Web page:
he National Conference on Weights and Measures
(NCWM) recently developed a professional certi;-
cation program that aims to boost the salaries and
retention of weights and measures inspectors. These inspec-
tors are responsible for motor fuel quality in many states.
In 39 of the 50 states, weights and measures authority lies
within the state departments of agriculture. These departments also regulate food safety, dairies, pesticides, feeds,
fertilizers and more.
The job of a weights and measures inspector is no less demanding or technical than those of inspectors in other programs, but
weights and measures inspectors usually get paid less because the
position does not require professional certi;cation or licensure.
The lower pay in most jurisdictions hinders employee
retention and decreases the ef;ciency and effectiveness of the
weights and measures programs.
Weights and measures inspectors share a dif;culty with
petroleum industry service technicians: Transitioning a new
hire to the level of expertise necessary to carry out the job’s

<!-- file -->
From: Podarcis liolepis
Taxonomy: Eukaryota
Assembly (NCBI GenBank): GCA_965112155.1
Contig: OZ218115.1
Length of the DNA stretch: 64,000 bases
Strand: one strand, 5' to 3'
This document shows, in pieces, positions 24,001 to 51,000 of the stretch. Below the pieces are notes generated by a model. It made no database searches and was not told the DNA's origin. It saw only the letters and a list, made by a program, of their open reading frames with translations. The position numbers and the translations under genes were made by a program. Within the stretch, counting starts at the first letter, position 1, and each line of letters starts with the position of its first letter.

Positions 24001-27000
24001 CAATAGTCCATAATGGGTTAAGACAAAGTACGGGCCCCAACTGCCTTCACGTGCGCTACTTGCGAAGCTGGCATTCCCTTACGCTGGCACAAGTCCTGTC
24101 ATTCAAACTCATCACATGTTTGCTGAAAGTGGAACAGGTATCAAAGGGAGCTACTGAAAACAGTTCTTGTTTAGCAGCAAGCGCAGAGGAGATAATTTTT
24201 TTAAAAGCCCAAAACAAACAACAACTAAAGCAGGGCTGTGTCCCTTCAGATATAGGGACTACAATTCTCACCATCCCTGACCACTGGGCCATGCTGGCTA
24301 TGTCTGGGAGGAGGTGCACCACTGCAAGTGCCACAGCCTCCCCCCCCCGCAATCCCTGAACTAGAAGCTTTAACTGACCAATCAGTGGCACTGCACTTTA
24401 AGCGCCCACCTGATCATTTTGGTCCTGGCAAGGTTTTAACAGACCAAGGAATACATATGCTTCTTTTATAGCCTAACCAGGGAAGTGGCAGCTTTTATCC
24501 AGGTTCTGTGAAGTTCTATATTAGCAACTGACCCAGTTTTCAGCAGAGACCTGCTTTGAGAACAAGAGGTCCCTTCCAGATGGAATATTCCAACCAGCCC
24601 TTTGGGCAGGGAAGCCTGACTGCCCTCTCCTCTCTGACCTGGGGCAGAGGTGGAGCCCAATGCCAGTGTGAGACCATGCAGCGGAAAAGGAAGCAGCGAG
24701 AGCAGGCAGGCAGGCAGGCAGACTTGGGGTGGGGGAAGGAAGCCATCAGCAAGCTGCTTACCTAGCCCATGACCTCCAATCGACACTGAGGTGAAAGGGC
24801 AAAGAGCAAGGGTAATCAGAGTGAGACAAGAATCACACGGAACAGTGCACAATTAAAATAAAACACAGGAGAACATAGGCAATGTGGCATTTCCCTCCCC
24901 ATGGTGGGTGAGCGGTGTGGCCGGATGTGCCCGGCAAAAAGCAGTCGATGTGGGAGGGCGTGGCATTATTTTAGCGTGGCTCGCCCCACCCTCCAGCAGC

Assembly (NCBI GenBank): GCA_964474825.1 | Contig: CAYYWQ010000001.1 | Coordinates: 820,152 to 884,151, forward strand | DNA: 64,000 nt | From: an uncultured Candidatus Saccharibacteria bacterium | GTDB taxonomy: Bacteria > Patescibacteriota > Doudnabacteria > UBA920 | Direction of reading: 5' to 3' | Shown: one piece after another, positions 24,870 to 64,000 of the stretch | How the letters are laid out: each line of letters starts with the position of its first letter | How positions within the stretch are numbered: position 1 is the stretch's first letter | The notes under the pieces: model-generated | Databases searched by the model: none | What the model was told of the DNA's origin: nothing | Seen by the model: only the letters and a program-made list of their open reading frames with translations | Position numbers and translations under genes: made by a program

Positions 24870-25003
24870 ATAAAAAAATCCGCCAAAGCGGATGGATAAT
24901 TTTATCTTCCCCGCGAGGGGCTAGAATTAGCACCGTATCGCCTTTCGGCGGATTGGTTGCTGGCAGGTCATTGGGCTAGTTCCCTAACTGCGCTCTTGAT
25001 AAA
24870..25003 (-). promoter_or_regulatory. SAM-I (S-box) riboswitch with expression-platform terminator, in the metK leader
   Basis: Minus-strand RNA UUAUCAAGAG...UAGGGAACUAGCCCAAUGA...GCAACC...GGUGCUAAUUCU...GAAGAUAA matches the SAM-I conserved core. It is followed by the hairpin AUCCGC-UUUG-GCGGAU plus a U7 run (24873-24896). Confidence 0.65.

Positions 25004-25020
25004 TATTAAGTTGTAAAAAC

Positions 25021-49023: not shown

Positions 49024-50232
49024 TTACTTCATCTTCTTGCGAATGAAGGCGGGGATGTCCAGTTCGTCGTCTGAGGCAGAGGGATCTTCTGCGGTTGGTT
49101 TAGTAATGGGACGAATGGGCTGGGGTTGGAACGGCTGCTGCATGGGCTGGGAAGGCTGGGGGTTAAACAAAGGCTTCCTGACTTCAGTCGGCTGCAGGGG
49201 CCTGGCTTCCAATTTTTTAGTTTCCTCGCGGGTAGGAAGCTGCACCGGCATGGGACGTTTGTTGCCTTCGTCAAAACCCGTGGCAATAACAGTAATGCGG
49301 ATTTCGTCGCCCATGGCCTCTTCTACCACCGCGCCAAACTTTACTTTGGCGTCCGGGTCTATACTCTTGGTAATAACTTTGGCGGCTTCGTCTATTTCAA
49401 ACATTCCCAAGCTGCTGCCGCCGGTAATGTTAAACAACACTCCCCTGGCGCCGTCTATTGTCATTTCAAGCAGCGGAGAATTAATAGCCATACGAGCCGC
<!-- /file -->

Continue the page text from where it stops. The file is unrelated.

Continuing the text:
responsibilities is expensive.
INSPEC TOR EXPERTISE
The knowledge base and skill set required of an average
weights and measures inspector is vast.
Consider the speci;cations, tolerances and other technical requirements for weighing and measuring devices
according to the National Institute of Standards and
Technology (NIST) Handbook 44.
An inspector also must have a command of laws and
regulations in NIST Handbook 130, such as method of sale of
commodities, package and labeling requirements, price scanner
inspections and the National Type Evaluation Program (NTEP).
Then there are the complex procedures for checking the
net contents of packaged goods for consumer and noncon-sumer products as found in NIST Handbook 133.
An inspector also must grasp state statutes, rules and regulations, policies, law enforcement, investigation techniques,
people skills, common sense and the industries being regulated.
Few weights and measures of;cials specialize in a single
enforcement area, so inspectors must gain expertise in all
areas. This occurs incrementally.
QUALITY | VALUE | SERVICE
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